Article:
The ruins of Shomron are located about 12 kilometers north of Shekhem, on the way to Jenin, beside the Arab village of Sabastiya. Shomron was the capital of the kingdom of Israel in the 9th and 8th centuries BCE, and continued to be an important city even after the destruction of the kingdom. The excavated remains from the Israelite period include walls, a fortress, royal palaces, homes and storehouses.
In the late 1st century BCE Herod built a temple here in honor of Caesar Augustus. The most impressive remains from that period are the columns that lined the main street, which was about one kilometer long. Archaeologists unearthed nearly 600 columns that adorned this street, ending at a magnificent gate.
Shomron regained the height of its glory during the late Roman period (2nd and 3rd centuries CE). Most of the ruins visible today belong to that period, and include the impressive forum (commercial square), the stadium and the theater.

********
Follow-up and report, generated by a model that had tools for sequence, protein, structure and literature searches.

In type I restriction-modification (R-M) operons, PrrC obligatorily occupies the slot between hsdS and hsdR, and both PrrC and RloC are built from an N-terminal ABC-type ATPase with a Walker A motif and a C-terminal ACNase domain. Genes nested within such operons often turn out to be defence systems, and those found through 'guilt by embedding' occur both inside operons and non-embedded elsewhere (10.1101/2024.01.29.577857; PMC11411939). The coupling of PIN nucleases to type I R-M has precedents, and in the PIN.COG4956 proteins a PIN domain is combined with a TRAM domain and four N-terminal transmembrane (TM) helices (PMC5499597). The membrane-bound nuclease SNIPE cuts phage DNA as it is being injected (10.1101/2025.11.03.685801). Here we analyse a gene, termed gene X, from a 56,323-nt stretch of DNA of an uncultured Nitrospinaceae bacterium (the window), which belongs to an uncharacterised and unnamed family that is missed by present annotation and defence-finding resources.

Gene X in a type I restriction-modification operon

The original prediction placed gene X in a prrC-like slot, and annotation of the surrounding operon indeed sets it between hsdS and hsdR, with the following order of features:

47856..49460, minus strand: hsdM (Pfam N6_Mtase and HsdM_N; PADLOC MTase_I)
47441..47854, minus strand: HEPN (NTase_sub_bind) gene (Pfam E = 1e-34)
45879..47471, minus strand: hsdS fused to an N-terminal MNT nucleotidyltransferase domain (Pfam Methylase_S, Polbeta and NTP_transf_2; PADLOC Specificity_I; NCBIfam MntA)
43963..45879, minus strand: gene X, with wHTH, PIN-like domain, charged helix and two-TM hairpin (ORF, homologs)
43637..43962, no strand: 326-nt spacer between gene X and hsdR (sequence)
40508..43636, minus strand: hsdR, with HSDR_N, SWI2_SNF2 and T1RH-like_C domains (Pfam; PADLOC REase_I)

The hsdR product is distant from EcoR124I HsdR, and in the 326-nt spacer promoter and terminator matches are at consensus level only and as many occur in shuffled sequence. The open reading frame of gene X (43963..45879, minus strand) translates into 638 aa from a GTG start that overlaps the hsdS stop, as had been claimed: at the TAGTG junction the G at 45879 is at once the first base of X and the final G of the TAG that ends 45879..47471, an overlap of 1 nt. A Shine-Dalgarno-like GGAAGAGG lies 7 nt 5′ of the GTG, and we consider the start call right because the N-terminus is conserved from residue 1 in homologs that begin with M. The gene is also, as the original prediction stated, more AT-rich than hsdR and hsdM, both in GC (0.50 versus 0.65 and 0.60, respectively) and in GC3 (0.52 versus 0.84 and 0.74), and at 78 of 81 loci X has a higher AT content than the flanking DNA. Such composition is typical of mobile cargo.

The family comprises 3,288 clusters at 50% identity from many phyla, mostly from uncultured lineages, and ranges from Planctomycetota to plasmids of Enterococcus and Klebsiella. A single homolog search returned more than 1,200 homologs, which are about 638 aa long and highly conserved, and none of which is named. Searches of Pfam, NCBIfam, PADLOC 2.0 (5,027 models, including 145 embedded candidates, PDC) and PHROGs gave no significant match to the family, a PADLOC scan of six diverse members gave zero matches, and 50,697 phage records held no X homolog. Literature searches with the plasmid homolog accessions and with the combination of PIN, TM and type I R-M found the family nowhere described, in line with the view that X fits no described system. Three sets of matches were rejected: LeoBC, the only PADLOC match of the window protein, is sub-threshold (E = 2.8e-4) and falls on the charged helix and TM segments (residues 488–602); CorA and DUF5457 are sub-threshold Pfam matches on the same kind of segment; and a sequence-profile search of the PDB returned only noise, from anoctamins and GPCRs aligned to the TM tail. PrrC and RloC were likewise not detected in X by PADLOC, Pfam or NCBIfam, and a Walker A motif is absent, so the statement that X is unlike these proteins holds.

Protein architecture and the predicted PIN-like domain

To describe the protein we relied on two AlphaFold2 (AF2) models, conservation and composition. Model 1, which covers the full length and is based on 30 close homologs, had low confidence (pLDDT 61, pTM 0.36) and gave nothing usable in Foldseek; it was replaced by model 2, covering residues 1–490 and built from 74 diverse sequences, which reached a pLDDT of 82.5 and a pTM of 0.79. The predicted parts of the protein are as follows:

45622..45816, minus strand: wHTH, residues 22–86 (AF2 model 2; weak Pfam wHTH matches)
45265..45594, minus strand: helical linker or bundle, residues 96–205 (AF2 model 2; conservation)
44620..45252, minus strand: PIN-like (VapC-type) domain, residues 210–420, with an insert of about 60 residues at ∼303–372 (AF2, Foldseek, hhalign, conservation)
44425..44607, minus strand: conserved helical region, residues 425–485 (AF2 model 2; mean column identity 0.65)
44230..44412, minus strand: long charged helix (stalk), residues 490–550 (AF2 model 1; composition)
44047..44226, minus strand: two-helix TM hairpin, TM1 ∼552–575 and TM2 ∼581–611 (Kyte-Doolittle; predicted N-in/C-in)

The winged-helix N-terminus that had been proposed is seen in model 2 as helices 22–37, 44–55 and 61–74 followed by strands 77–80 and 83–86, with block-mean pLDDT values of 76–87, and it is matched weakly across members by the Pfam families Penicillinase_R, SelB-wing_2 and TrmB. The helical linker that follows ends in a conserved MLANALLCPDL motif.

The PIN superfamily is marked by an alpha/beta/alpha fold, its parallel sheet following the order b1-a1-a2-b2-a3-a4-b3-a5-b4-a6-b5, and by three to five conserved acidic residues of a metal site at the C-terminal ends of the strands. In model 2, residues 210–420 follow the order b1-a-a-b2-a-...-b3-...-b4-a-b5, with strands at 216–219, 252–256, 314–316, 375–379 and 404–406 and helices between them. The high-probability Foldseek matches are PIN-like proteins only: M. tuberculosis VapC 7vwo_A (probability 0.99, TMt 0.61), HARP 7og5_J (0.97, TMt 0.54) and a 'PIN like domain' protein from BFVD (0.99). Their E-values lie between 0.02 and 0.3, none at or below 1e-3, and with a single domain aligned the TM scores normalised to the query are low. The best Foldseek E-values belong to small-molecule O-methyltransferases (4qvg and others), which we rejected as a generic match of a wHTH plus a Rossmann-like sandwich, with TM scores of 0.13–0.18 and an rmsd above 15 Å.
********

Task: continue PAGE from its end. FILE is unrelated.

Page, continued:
The mosque in the village of Sabastiya stands on the ruins of a Crusader church that was built on the foundations of a Byzantine church. Beside the mosque are tombs from the Roman period.
Sabastiya is one of two sites in Shomron that has won recognition as a national park. The site is spread over an area of nearly 200 acres and features the remains of a large city that was founded in the Roman Period and abandoned in the Byzantine period.
Special instructions: The road to this site is open to the private vehicles only on the intermediate days of Pesach and Sukkot. Throughout the rest of the year visits to Sabastiya national park site are by tour bus only, by special arrangement with the IDF at least two weeks in advance.
How to get there: From Shavei Shomron drive north on Route 60 for about 4 kilometers and turn right onto the road leading up to the city gates.
Phone number for coordinating a visit: 09-8841359, ext. 3